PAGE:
Vocational versus general education
The latest issue of LIVES Impact, co-authored by Pascal Maeder and Maïlys Korber, investigates the differences in terms of professional perspectives in Switzerland between individuals who have followed a vocational training and those who have opted for a general education.
Vocational education and training (VET) is known to ease the entry into the labour market by providing specific skills that are readily applicable in a given occupation. This type of education may enable young individuals to find a good match at the beginning of their career, but it may also leave older workers vulnerable to technological change and shifts in the occupational structure. On the other hand, holders of general education may face more difficulties when entering the labour market due to a lack of work-related skills but may be better rewarded after several years of experience due to the larger flexibility of general skills. To address this question, Maïlys Korber investigated employment and wages over the life course for holders of vocational education, and compared them with holders of general education, both at the upper-secondary level. A summary of the results is presented in this policy brief. The following key messages are developped in this issue:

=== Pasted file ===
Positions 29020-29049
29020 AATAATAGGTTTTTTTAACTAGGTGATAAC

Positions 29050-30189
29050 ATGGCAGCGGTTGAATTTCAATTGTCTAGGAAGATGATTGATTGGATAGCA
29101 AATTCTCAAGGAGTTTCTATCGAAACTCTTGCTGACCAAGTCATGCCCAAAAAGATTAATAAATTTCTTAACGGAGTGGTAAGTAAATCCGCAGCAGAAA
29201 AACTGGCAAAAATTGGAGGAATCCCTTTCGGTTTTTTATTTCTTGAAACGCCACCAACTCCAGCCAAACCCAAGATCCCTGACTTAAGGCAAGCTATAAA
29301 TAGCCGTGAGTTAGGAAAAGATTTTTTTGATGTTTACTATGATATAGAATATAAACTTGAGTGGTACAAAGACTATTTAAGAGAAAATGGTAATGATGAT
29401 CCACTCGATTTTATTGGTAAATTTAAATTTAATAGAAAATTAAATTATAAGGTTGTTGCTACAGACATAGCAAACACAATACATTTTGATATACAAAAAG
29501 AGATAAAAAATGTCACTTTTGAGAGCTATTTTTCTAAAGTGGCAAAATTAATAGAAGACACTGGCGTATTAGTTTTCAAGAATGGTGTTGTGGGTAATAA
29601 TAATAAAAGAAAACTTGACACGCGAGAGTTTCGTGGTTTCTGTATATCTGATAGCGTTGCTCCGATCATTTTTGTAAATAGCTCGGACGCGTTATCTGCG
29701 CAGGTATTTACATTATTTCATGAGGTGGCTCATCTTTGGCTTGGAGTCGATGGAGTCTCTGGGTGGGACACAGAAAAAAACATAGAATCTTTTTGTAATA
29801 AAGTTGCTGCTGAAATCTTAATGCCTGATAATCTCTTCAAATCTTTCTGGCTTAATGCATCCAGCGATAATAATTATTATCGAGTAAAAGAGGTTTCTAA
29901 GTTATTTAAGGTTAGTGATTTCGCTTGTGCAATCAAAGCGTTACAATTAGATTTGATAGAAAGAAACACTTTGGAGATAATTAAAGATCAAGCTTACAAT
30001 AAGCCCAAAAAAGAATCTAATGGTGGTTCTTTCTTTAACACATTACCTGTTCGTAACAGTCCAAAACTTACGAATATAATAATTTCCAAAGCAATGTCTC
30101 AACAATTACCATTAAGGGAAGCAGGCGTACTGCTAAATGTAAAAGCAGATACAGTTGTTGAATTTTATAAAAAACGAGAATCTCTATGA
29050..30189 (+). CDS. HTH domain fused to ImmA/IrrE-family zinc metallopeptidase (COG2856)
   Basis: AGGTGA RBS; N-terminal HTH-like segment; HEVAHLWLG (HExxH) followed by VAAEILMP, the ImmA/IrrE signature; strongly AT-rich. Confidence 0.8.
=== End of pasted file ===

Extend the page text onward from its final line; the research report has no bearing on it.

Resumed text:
- Vocational training and education (VET) is associated with an employment advantage for men when compared with upper secondary general education (GE) up to age 30. Thereafter, both groups have similarly high employment rates.
- The employment prospects of women are very similar over the life course regardless of vocational or general education.
- General education is associated with higher hourly wage for both men and women over the life course. Initially, men with a VET earn more until age 30 whilst GE trained women already enjoy an advantage at age 26.
LIVES Impact (ISSN: 2297-6124) publishes regularly briefs with policy-relevant research findings from studies conducted at the National Centre of Competence in Research LIVES “Overcoming Vulnerability: Life-course perspectives” (NCCR LIVES). It is aimed at professionals, public officials and representatives active in social policy and related fields
Series Editor: Pascal Maeder, KTT Officer, email@example.com